Front Row Motorsports teammate Michael McDowell earned his ninth top 10 of 2022 by finishing in eighth, giving FRM its first double top-10 result since Talladega Superspeedway in 2013.
At one point, Buescher’s Ford was on fire. Literally.
Never a good situation. pic.twitter.com/eOx9xVojur
— No. 17 Team (@RFK17Team) July 31, 2022
Yet, after the crew put the fire out and Buescher went down two laps, he got one back during green-flag pit cycles, then received a free pass doing a flurry of late cautions where he rallied back to a 10th-place finish.
While Allmendinger didn’t have to deal with the heat of a burning inferno, his type of heat was far more prolonged.
On a very hot day in Indiana, the Californian’s cooling suit wasn’t working in his already sweltering race car. Instead, the extra layer of clothing trapped the heat under his fire suit. By the final restart, Allmendinger was out of drinking water.
— NASCAR (@NASCAR) July 31, 2022
He soldiered on to a seventh-place finish but immediately collapsed after exiting the car. He was later released from the infield care center.
Who fell flat?
Frankly, there were plenty of mistakes made on Sunday, but let’s go with the most obvious one.
Reddick was able to hold off Chastain long enough to win at Indy. Although, it turns out he didn’t have to.
The thing about the runoff route is after taking it, the driver must stop and go at a designated area before rejoining the field, similar to the chicane at the Charlotte Motor Speedway ROVAL. The melon man did not.
Instead, Chastain did what many do when approaching stop signs on empty roads; he slowed down a little bit before continuing on. Your local police deputy might let you get away with that, but NASCAR will not.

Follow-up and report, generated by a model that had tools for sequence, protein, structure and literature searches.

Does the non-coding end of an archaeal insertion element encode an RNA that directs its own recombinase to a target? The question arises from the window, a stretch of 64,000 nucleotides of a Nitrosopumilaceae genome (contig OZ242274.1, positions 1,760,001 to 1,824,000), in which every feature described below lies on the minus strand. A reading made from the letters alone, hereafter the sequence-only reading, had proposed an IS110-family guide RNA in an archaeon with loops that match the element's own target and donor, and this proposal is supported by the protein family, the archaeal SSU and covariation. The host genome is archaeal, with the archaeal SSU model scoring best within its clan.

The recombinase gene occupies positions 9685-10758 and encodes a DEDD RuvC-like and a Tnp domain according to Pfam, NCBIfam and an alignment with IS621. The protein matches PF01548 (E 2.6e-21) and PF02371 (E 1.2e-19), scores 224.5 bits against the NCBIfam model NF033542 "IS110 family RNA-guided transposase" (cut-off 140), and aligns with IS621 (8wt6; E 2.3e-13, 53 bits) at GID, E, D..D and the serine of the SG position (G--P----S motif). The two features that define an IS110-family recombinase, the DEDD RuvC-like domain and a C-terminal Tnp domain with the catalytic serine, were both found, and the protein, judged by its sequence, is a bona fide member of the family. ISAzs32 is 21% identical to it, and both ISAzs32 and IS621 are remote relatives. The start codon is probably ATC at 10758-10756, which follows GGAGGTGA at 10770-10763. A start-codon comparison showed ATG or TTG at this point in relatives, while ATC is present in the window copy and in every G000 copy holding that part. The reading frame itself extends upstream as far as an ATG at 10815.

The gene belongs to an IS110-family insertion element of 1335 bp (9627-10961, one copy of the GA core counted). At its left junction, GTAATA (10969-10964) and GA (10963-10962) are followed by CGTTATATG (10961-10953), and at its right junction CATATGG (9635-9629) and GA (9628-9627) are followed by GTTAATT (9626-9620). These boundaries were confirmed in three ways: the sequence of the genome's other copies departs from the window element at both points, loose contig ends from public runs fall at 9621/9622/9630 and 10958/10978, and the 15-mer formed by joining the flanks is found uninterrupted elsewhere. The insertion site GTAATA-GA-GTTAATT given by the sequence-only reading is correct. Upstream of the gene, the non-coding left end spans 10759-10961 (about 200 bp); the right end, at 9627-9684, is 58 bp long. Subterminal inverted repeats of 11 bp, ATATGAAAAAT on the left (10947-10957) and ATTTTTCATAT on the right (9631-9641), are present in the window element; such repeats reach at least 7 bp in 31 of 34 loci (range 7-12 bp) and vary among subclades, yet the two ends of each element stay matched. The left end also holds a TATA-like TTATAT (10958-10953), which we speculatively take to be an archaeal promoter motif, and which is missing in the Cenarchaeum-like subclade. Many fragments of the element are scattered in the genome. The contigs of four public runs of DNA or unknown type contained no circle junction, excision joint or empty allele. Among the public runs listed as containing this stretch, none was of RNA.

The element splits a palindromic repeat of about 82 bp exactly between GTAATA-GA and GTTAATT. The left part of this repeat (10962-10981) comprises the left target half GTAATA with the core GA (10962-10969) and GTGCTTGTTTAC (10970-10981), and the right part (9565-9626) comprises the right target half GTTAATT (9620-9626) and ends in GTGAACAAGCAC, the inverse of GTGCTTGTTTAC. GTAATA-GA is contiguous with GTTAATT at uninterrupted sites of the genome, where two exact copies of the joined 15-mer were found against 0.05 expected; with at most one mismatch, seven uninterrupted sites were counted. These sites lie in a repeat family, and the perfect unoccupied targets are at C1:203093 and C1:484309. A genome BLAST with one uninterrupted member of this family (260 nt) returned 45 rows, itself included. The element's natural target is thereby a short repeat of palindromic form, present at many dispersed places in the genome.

Those access roads are meant to be used when there is an incident on the course that would not originally allow a car to pass through or in the case of avoiding an accident. Unfortunately for Chastain, unforeseen accidents don’t count.
Here are the rules from the drivers meeting video that resulted in the Chastain and Dillon 30-second penalties after the race: pic.twitter.com/30hrZGM35X
— Bob Pockrass (@bobpockrass) July 31, 2022
While the driver of the No. 1 argued that he had no room entering turn 1, it’s somewhat hard to tell if he truly meant to do so. However, there is also truth that Chastain would’ve undoubtedly ended up in the grass.
— Steve Luvender (@steveluvender) July 31, 2022
But what would you rather have? Driving in the grass and probably hitting another car while entering turn 1 and still walking away with a likely top 10? Or be penalized for obviously cutting the course and finishing 27th?
It’s a matter of risk and reward. Chastain’s decision to skip turns 1 and 2 resulted in the penalty that relegated him back to 27th position, and that was definitely going to happen. However, if he had stayed in that mess and held his ground, who knows where he could’ve ended up?
What did this race prove?
Whether you liked it or not, Sunday’s race was interesting. With that being said, are you really sure you want to go back to the Indianapolis oval?
Hear me out on this one.
Yes, Sunday’s annual visit to the Brickyard was a bit of a mess, but at least it was something. There was a young winner, a high variety of competition in the front of the field, a wild overtime restart and some intense racing for position. Most of those things didn’t happen on the oval Indy track for NASCAR very often.
Sunday’s race was also a bit of a demolition derby, and that really was because of that darn turn 1. Drivers fanning out to three and four-wide before entering a slow narrow corner usually doesn’t end well for most racing series. There have been many arguments that the road course has been too destructive on teams’ equipment, costing them millions in damages.
How soon we forget.
— Gary Owen | GOWEN | 개리 (@GOWENYT) July 31, 2022
The truth is that Indianapolis is a narrow track made for single-file IndyCar racing, not crazy double-file NASCAR restarts. The wild side-by-side action NASCAR provides is not really meant for the enclosed, high-speed straights of Indy.